Is it time to meet the post-metrosexual generation: spornosexuals?

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      For the metrosexual, the clothes made the man.

      For the spornosexual, no clothes make the man. 

      The term—coined by Telegraph writer Mark Simpson, who gave us the term metrosexual—is not a reference to 300, though it could easily be, as spornosexuals probably jump at the chance to dress up as Spartans for Halloween. Or any occasion, for that matter.

      Yes, any excuse to whip off their clothes and show off their bodies for ogling viewers is what a spornosexual is all about.

      Simpson uses the term to describe the generation following metrosexuals, in which sport got into bed with porn. While metrosexuality was about men who could do it all, including being fashionable, he describes the hyperbuff spornosexuals as being preoccupied with self-objectification, particularly for online voyeurism.

      It's the perfect storm in which the self-absorption of obsessive-compulsive musclebuilding, the narcissism of social media (selfies, in particular), and the rampant online promotion of male physical objectification all have one big, well, fuckfest.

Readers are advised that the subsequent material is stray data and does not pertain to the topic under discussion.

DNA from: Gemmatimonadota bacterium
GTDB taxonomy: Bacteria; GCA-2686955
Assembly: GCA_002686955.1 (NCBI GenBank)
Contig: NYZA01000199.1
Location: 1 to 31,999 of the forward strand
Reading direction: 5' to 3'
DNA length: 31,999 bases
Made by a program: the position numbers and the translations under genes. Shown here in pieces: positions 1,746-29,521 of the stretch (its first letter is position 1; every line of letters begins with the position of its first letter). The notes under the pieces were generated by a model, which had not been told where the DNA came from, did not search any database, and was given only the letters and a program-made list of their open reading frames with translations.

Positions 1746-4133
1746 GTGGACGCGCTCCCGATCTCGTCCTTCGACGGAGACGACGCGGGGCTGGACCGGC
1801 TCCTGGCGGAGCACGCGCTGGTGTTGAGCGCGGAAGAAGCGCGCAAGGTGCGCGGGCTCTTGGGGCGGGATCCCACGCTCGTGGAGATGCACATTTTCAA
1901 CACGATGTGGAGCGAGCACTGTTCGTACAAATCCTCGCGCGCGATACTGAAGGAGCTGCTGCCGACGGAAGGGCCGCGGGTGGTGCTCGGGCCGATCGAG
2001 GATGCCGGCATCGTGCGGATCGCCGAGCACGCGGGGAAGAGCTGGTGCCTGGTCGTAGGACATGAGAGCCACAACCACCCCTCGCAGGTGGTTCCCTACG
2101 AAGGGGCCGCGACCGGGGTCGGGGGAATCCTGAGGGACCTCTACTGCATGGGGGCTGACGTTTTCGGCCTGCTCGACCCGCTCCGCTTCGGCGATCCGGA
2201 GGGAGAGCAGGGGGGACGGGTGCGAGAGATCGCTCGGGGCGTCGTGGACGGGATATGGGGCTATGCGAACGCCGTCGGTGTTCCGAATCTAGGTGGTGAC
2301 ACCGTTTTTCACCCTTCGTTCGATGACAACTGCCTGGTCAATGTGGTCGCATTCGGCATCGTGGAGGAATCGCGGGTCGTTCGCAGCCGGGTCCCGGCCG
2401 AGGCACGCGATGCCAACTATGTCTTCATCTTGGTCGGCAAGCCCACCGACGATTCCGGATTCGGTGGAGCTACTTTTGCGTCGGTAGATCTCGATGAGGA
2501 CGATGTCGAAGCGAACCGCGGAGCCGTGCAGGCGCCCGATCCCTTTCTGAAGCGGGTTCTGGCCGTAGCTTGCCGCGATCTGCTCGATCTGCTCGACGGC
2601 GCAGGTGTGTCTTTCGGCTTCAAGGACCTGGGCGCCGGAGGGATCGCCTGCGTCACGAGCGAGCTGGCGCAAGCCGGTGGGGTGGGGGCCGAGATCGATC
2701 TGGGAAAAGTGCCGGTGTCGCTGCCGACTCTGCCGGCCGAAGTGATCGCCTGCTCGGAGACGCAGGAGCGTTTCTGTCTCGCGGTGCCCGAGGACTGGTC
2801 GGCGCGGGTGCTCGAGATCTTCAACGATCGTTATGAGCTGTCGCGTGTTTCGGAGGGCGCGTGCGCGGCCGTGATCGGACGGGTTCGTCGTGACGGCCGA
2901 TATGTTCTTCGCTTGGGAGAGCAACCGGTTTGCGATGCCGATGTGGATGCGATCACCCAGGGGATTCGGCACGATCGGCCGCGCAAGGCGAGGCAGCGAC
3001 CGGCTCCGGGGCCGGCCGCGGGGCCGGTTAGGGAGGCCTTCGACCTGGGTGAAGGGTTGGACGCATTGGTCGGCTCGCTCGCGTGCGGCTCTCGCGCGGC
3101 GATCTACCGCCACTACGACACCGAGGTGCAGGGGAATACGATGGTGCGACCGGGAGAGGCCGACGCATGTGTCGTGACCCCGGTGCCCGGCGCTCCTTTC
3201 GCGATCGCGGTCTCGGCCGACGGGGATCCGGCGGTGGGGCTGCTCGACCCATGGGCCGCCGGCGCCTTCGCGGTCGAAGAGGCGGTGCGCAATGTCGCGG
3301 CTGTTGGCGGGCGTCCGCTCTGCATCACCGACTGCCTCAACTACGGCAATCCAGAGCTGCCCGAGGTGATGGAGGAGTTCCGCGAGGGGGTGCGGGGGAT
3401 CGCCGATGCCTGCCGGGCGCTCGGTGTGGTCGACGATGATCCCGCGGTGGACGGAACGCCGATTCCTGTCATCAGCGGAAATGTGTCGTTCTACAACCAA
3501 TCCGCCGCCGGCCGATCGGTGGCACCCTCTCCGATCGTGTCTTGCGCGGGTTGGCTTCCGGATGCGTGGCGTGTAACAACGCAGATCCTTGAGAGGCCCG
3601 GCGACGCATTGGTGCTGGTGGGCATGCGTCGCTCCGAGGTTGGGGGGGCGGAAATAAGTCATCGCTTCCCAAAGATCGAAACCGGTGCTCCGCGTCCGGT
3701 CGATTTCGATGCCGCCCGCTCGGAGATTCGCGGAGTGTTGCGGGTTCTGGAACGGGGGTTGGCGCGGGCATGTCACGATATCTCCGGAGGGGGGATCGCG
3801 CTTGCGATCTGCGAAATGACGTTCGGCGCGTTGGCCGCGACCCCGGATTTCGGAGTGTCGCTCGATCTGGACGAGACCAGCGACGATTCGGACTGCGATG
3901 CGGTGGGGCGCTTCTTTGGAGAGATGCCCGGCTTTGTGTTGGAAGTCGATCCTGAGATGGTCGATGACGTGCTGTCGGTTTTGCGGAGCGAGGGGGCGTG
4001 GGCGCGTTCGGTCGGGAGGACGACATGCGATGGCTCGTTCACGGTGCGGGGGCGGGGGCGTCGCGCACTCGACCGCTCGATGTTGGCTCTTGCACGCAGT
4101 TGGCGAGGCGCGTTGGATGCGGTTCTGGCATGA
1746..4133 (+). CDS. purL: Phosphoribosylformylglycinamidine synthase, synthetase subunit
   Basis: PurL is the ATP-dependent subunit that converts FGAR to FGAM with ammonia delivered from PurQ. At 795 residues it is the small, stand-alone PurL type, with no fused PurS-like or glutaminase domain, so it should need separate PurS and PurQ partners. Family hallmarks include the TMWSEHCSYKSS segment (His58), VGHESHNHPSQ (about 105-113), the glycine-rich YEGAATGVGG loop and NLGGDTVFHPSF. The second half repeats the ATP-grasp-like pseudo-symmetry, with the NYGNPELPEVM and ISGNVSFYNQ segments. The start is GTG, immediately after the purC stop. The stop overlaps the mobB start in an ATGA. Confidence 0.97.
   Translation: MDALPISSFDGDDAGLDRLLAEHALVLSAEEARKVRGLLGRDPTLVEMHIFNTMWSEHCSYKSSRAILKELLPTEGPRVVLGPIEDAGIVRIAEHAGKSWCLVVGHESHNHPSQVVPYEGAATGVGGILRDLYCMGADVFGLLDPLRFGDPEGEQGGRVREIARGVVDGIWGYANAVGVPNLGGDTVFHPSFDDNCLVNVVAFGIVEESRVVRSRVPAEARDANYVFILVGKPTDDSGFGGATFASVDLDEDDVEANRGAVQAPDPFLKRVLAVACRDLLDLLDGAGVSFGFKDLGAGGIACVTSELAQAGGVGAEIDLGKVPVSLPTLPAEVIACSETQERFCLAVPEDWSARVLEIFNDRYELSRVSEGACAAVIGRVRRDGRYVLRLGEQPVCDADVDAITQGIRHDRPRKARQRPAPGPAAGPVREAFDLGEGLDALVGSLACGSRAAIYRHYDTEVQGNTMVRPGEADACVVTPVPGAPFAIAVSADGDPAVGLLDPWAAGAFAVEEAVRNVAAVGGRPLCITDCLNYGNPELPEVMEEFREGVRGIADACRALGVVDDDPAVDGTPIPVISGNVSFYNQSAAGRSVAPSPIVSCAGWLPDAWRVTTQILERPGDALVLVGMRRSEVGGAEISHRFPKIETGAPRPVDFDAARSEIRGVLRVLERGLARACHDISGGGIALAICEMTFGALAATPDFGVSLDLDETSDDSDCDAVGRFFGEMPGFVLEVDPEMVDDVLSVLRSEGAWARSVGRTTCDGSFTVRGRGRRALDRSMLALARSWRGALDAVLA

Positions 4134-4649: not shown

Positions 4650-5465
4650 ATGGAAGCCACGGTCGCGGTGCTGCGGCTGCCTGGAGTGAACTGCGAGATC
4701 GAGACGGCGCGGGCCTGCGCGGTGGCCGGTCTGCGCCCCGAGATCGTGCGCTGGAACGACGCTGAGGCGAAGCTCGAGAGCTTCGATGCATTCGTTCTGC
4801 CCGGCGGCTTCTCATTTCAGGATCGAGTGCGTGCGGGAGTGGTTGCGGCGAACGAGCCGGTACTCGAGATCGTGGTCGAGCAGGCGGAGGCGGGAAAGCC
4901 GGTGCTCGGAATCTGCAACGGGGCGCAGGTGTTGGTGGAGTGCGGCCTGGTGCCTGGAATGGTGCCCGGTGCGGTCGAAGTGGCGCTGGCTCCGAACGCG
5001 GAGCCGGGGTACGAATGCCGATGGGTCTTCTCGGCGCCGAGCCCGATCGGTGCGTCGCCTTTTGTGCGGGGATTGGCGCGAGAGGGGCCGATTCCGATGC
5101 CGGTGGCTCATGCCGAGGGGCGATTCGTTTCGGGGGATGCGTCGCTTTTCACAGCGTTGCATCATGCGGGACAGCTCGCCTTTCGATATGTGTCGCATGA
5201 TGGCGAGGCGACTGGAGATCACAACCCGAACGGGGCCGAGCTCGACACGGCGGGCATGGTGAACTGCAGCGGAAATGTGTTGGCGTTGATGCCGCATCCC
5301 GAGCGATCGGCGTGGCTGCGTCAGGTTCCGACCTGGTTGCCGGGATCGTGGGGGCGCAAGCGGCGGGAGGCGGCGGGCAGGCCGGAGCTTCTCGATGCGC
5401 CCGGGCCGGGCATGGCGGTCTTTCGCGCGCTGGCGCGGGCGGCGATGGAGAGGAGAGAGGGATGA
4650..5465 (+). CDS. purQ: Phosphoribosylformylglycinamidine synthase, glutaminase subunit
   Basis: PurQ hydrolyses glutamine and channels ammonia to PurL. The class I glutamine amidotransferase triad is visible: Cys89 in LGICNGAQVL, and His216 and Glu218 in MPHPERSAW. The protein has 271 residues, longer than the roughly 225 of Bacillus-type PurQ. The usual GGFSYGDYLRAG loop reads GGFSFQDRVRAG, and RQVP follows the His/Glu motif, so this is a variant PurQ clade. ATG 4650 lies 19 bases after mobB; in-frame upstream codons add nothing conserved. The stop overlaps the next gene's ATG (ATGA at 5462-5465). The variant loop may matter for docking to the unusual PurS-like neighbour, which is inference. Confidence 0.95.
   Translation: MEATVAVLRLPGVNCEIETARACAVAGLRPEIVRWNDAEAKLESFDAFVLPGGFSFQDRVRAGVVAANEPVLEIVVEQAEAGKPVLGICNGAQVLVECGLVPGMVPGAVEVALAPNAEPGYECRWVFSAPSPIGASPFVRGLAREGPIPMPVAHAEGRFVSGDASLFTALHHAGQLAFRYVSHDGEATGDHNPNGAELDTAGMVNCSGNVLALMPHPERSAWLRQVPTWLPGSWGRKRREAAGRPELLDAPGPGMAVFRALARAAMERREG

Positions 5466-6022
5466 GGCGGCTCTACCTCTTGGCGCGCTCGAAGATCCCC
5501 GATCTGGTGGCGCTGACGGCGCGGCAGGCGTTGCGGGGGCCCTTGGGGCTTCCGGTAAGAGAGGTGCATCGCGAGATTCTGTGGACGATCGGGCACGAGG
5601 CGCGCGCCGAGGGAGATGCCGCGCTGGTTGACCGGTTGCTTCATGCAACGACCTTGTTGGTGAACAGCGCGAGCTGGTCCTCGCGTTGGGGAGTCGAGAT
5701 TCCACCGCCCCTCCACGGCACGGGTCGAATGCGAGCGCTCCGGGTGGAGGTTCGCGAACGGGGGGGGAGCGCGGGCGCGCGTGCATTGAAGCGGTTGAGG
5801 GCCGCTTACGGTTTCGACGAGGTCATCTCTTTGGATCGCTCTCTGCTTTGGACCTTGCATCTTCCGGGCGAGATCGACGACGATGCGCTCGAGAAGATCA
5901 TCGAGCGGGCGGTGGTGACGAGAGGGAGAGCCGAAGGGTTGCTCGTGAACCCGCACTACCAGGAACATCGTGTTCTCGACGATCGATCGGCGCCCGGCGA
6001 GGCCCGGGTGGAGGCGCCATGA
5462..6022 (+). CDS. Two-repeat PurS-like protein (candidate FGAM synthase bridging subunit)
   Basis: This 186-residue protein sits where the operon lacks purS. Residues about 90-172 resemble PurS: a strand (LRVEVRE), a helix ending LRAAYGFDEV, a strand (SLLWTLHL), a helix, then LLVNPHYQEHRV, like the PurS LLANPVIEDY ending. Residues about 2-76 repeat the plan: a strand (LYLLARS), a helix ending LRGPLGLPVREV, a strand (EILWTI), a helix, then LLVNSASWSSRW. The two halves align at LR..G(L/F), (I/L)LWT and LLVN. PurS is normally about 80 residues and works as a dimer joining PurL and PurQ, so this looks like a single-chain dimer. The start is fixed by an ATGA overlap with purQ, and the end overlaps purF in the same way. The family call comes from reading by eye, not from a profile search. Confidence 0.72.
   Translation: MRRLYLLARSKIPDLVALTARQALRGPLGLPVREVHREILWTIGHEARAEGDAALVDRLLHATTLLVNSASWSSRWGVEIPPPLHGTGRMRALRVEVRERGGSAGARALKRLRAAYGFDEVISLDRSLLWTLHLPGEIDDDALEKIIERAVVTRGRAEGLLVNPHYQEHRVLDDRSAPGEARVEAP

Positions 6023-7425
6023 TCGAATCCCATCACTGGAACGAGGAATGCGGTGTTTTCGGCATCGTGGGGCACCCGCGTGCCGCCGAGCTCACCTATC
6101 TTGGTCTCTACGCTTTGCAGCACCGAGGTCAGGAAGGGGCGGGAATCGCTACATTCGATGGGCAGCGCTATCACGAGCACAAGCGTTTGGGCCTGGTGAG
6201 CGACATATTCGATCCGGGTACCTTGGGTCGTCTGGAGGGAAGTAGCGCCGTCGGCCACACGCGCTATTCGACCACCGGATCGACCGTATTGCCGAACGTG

Oh, and of course there's that other highly potent force—capitalism—also in the mix. 

      From Abercrombie and Fitch and Hollister & Co. shopping bag porn and male underwear ads to the rise of male fitness softporn models and the profitable supplement market, it's all big business.

      Zac Efron could be considered a poster boy for this breed, with his overchiseled body flaunted everywhere for Neighbors.

      Where metrosexuals blurred gender and sexual orientation boundaries through their interests, spornosexuals could be mashing up boundaries of gendered voyeurism. Their bodies are as much a competition between both heterosexual and homosexual males, and a need to acquire as much admiration or as many likes or followers, regardless of the gender or sexual identity of the voyeur wanker.

      Male fitness models often have a large male following, and, perhaps in the wake of men's fitness beefcake print magazines, are now appear to be all-too-ready to strike horny poses and achingly eager to strip it all off.

      In other words, the products of their pursuits are as much for the male gaze, whether to incite jealousy or desire, as it is ostensibly for the female one. But in the end, the gaze that it's really for? Their own.

      Needless to say, Vancouver's body-conscious and sport-oriented culture is a prime breeding ground for the soulless spornos and quite frankly, they've been around for a while. It's just that now we know how to diagnose them.

      As if we need yet another transparent online test to find out about ourselves, here's one to figure out if you're a spornosexual or not.